Update 2021 / 06: also not worth it's own post is Response to request for input from SEC Commissioner Allison Herren Lee on ‘climate risk disclosures’ by the aforementioned BZ via CH. Alas, it is more silliness. The correct answer is not to quibble GW: it is instead to point out that having every single firm report on climate risks is dumb, since the risks are generic.
1. For an encore - presumably to prove that he really is a bonehead, in case you were in any doubt - BZ continues Perhaps more speculatively, the likelihood of a future glaciation, however distant in time, approaches certainty, and anthropogenic warming under such conditions might prove a significant benefit. this has been a stupid suggestion for quite a long time now.
* Do People Want to Be Free? by Pierre Lemieux
* Should presidents make policy? by Scott Sumner
* Sigh: another boneheaded article from the AIER: Troubles with the Economists’ Case for a Carbon Tax, by Joakim Book.
* The US Libertarian party (2016)
* The Meaning of Libertarianism by David R. Henderson; Thursday, January 9, 2020
* What individualism teaches us is that society is greater than the individual only in so far as it is free. In so far as it is controlled or directed, it is limited to the powers of the individual minds which control or direct it - Hayek.
* Yet more boneheadedness, this time from EconLib: Climate Change: A Tragedy of the Commons? by Pedro Schwartz
* More EconLib excuses and whining: The Game of Telephone: The Knowledge Problem in Regulation by Jon Murphy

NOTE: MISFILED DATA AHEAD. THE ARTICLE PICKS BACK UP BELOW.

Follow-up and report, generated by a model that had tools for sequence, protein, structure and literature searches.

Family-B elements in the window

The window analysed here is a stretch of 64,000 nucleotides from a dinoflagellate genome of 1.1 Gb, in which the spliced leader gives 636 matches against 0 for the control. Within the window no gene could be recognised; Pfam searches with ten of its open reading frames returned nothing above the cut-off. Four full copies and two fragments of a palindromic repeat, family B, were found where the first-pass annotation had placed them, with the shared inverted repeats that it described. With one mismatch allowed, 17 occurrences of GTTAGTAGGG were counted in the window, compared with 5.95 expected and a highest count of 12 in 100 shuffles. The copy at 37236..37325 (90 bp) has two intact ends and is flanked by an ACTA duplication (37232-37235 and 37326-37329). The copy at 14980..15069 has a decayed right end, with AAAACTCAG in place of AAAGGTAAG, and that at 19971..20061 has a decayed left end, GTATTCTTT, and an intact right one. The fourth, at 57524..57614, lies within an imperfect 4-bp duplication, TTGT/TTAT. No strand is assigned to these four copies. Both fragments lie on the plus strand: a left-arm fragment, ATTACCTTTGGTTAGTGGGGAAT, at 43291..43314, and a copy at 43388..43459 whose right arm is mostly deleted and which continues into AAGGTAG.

* Climate Change: Compared to What? by Veronique de Rugy
* Bryan Caplan has a more thoughtful take: If the Only Way You Can Get Your Great Idea Implemented...
The cost of carbon is nonlinear.
The first 10 ppm of CO2 (and more) is negative cost, slowing (or stopping) the cooling trend from 6K YA.
This added CO2 will hang around for ~100k years, and generally keep the climate more like it is now.
The CO2 we release today isn't negative cost.
Static cost economic analysis fails with a non-linear system.
Phil, I still don't know what the persistence period is for CO2, but I doubt it's 100k years.
As for CO2 and fertilization, I agree there can be too much of a good thing, but I'm surprised at your specificity. The literature I have browsed through seems somewhat less certain than your comment.
The Paleocene-Eocene Thermal Maximum (PETM) involved emissions of a few thousand GtC and it took about 150kyr to recover. Based on this, if we carry on as we are and don't develop some kind of negative emission technology, it would probably take ~100kyr to return to pre-industrial levels.
ATTP, but unless I'm mistaken, neither the PETM nor our future climates were/would be dependent solely on CO2 or the surplus or lack thereof. And I find your projection overly simple. How long would we have to emit without negative emission technology to commit a rather complex system to a single course of action? And I have not seen any papers saying that if we continue emissions then concentrations would not return to pre-industrial levels for 100 thousand years. Who did the math on that one?
> any papers saying that if we continue emissions then concentrations would not return to pre-industrial levels for 100 thousand years
Try David Archer's stuff. Here's an old one at RC http://www.realclimate.org/index.php/archives/2005/03/how-long-will-global-warming-last/ but there are newer.
Thanks for the link.